Categories: Economic Outlook

Job Market: July 2015

July has without a doubt been a much better month for the job market. We saw a steady increase in employment as wages rebounded and signs of an improving economy made themselves known. In fact, those very signs nearly paved the way to a Federal Reserve interest hike in September. Additionally, it seems that industry is picking up as payrolls for jobs unrelated to agriculture increased to 215,000 in July, which can be directly linked to a pickup in construction and manufacturing jobs. This major increase has resulted in a decrease in the unemployment rate, which recently sat at a seven-year low of 5.3 percent.

One of the greatest concerns among workers in all fields, industry especially, was the steady decrease in workable hours. Okay, so what does that mean exactly? Essentially an individual forced to work ten hours per week due to economic constraints as opposed to a full forty would most definitely experience issues in their life as they would be unable to provide for their family or even themselves. We’ve seen a lot of this lately and it has been causing problems among the working class. Not only is this bad for the people and their morale, it is abysmal for the economy. Fortunately, it seems that this boost in the economy has caused the average workweek to increase to 34.6 hours from 34.5 in June. This might not seem like the greatest increase, but it is a cleared hurdle, and it is keeping the Fed on track for a rate hike in September. In other words, things are doing much better, with indications of becoming even better in the near future.

As it turns out, the job market July 2015 report was precisely as expected. The Fed, in fact, upgraded its assessment of the labor market, stating that it was continuing to improve with solid job gains and declining unemployment. The word from the U.S. Central Bank is that they’re anticipating a raise in lending rates once there has been greater improvement. This is an important development as the market has not seen a rate rise since 2006.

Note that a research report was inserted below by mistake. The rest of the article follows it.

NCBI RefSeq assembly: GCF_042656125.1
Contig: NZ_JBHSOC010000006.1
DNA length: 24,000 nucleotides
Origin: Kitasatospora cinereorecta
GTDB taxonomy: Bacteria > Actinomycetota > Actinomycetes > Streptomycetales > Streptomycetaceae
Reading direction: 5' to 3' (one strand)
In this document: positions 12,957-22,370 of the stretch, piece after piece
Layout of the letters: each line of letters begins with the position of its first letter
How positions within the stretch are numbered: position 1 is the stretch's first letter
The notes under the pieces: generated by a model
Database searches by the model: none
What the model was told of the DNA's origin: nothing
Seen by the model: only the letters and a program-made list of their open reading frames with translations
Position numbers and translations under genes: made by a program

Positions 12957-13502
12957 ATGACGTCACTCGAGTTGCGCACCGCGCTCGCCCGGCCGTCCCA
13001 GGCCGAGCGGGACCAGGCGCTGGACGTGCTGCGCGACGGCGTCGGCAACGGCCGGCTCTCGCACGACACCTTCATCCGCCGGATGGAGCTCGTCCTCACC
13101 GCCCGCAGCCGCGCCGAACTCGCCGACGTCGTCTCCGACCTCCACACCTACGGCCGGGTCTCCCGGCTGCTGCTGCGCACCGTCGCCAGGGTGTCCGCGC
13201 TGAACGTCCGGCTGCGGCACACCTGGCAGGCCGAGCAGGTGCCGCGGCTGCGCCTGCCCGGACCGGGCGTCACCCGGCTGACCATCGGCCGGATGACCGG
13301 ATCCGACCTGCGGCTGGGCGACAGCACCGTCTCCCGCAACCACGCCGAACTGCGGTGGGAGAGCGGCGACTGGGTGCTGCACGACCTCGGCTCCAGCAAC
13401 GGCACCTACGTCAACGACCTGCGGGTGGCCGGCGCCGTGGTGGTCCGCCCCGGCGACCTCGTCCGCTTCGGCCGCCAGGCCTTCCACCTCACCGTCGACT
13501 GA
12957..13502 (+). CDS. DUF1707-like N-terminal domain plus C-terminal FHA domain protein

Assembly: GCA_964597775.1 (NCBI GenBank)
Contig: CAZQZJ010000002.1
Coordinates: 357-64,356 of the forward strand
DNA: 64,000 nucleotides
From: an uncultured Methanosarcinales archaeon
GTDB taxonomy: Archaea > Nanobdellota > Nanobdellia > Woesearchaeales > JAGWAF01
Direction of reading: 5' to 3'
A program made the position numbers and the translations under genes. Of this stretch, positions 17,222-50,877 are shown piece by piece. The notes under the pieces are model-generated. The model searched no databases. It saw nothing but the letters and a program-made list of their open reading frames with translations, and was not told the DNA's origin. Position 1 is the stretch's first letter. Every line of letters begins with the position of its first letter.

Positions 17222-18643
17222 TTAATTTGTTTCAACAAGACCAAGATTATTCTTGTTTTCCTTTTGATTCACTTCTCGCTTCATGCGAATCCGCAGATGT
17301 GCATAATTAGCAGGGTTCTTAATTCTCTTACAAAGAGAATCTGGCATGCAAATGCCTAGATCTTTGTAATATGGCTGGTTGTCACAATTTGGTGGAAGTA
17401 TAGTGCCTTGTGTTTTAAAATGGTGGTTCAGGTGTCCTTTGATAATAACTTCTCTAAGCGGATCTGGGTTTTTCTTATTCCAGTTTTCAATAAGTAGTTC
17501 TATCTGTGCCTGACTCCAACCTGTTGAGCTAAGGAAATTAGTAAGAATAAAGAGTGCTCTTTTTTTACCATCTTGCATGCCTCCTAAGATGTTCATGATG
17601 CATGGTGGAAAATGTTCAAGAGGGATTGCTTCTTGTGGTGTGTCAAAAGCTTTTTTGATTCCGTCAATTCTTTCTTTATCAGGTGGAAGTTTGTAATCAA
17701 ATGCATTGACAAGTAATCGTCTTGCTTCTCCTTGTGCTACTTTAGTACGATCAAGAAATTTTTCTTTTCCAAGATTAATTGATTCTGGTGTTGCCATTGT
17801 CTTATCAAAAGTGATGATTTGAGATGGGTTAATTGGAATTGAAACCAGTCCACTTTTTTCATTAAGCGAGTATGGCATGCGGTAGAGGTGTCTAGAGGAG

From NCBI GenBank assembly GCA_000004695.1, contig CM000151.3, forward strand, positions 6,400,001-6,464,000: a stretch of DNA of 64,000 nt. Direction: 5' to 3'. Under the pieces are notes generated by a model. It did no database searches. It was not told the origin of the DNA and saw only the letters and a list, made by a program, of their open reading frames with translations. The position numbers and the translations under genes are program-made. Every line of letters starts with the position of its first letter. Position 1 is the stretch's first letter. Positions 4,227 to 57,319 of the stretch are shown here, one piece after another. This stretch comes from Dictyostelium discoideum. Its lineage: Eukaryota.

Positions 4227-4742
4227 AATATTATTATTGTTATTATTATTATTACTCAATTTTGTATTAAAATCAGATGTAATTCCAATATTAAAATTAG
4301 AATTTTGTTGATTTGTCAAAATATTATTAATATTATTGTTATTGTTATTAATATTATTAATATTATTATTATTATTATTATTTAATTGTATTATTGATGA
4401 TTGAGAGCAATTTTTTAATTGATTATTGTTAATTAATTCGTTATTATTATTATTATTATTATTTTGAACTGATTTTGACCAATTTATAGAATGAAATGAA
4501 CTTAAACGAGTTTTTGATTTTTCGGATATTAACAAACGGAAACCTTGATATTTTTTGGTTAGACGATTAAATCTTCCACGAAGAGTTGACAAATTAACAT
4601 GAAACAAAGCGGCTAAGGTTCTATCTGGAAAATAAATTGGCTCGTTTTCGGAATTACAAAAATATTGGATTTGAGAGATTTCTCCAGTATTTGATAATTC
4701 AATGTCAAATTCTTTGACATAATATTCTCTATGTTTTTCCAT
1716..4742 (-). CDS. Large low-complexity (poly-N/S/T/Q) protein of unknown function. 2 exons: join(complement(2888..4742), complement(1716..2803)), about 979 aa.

Not all news is good news. U.S. stocks immediately began to drop as traders saw an increased chance of a rate hike. The dollar rose in value, but did eventually drop once again, and hiring has slowed down considerably. This hiring slowdown is not exactly a mystery; it is a direct result of the loss of jobs in the energy sector, though there has been some evidence to the contrary. Still, job growth remains at double the pace needed to keep up with today’s population growth, and average hourly earnings have increased by a full five cents. There is definitely some improvement here, but economists typically associate a 3.5 percent growth rate with full employment, and it is currently sitting at 0.2 percent. We have a long way to go.

Is any of this pointing toward a boost in the economy? With wages rising 0.6 percent in July, and being up 4.9 percent from one year ago, it certainly seems that there are improvements, but there are just as many declines. Still, the economy is not random. The numbers are always quite clear, despite what some would have you believe. There will be plenty of signs to point us in the right direction, whatever direction it takes. The most important thing to remember is that the variable will always be people. Without people, the economy would not function, but they also cause it to fluctuate, making it unpredictable to a point.


At Van Horn Law Group, P.A., our experienced South Florida lawyer and Ft. Lauderdale Bankruptcy lawyer is ready to review your case to see what options are available to you. With years of experience helping people just like you with their financial decisions, you can be confident that we will not lead you astray.

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Published by
Chad Van Horn

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